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Haverford College

Computer Science

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CMSC 107: Introduction to Computer Science and Data Structures

Fall 2018, Prof. Kris Micinski

Instructor: Kris Micinski (

NOTE: This is a new course for the Fall of 2014. Content will be added to this page during the summer and fall of 2014; if you're interested in more information, for example the labs, consult the pages for both CMSC 105 and CMSC 106.

Additional Resources: Note that other information on this course will be available to registered students via the course Moodle page, and scheduling information can be found on the course Google Calendar.

Required Text:
Course notes: From Vision to Execution: Computer Science and the Creative Process by David Wonnacott. You are welcome to download this as a free PDF from Dave Wonnacott's web page. Paper copies will be available at the Haverford College book store for less than the price (including shipping) of ordering directly from Printed copies of the 2014 edition may not be available until the second week of classes, but the 2013 edition is almost identical and can be used in 2014.
Course textbook, for the second half of the semester: We will almost certainly refer to Liskov and Guttag's Program Development in Java: Abstraction, Specification, and Object-Oriented Design as a guide to conceptual material, especially in the second half of the course, though we will not be working with Java.

Other References: The course notes cover all the features of the Python language and all the mathematical techniques that will be needed in this cours; students who would like extra help learning the words of Python are invited to practices (especially in groups) with certain examples on the CodingBat web site. The tutorial on the Python web site explains a great deal about the Python language, but it mixes together things from many different weeks of our first year's curriculum. David Gries' The Science of Programming (Springer-Verlag 1989, ISBN 978-0-387-96480-5) goes into much more detail about the use of formal reasoning techniques to develop imperative programs (from the second half of CMSC 105.

Prerequisites: This course is open to students who place into it on the CS placement exam. It is intended for students who have prior experience with computer programming but have not worked significantly with the techniques for reasoning about computation in CMSC 105 and CMSC 106, such as those listed under "Description" below.

Majoring/Minoring in Computer Science: Sophomores planning to major or minor in computer science should take Math/CS 231 (Discrete Math) concurrently with CMSC105 or CMSC106 (in the spring) or CMSC 107. Frosh may wish to take Discrete Math concurrently or wait for their Sophomore year.

Description: This course provides an introduction to a variety of approaches to reasoning about computation, for students who already have some experience with programming. Topics include:

  • Use of multiple paradigms/approaches to programming: fundamentals of pure functional, imperative, and object-oriented programming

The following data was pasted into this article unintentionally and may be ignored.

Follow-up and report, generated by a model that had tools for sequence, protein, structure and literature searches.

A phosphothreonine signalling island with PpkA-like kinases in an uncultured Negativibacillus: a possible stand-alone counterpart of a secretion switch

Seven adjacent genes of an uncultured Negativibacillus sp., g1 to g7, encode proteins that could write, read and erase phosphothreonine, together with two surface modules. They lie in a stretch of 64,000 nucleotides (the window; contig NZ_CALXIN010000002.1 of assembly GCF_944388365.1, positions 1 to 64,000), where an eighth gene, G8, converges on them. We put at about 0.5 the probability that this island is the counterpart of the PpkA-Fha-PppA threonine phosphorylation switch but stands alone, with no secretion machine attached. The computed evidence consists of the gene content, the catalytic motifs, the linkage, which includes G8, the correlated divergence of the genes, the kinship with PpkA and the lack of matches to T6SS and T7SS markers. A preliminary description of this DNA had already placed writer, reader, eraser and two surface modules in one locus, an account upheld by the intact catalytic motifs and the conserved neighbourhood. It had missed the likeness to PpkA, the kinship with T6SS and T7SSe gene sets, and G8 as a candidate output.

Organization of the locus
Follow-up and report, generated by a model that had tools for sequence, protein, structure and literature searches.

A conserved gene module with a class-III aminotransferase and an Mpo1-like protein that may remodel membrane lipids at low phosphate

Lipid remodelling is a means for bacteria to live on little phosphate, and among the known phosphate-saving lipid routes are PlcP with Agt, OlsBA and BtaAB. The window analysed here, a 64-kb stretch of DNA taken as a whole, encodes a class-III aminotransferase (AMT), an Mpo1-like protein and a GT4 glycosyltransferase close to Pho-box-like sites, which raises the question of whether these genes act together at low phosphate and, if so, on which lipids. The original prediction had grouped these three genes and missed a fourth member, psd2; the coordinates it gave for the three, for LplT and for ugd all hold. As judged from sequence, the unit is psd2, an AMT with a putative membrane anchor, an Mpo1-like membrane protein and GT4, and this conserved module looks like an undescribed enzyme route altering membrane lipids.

• Techniques for algorithm design
  • Precise descriptions of the behavior of software components: function pre- and post-conditions; axiomatic definition of data types
  • Precise statements about the internal workings of software components: progress expressions, loop invariants, data type representation functions and representation invariants
  • Definition and use of test suites to evaluate software
  • Use of direct proof techniques to reason about software components
  • Code reviews and other peer-centric approaches to evaluating software

If you do not have prior programming experience, you should start with CMSC 105. If you are already familiar with many of the topics listed above, contact a faculty member about placing into the second-year curriculum (this is quite unusual but not impossible).

Evaluation: 1 midterm & 1 final exam, weekly labs, with the final grade determined by approximately 45% lab grades, 50% exam grades, and up to 5% class participation (including attendance and completion of "mini-homework" and in-class exercises/assesments.)

Late policy: No late work will be accepted - any work handed in late may be graded as a 0. Extensions must be requested at least 24 hours in advance.

Email: Expect 24 hours for an email response. You may get an email sooner, for example if it requires a simple yes or no response, but when a response is required before a deadline be sure to send the email at least 24 hours before the deadline.

Collaboration: You are encouraged to discuss the lecture material and the weekly labs and problems with other students, subject to the following restriction: except when otherwise noted, your memory should be the only "product" of any discussion of a lab --- you may not write up solutions together, or exchange written work or computer files pertaining to labs.

Collaboration is not allowed on exams.

Learning Accomodations: Students who think they may need accommodations in this course because of the impact of a disability are encouraged to meet with the instructor in private (e.g., during office hours) early in the semester. Students should also contact Rick Webb, Coordinator, Office of Disabilities Services (610-896-1290) to verify their eligibility for reasonable accommodations as soon as possible. Early contact will help to avoid unnecessary inconvenience and delays, and facilitate learning.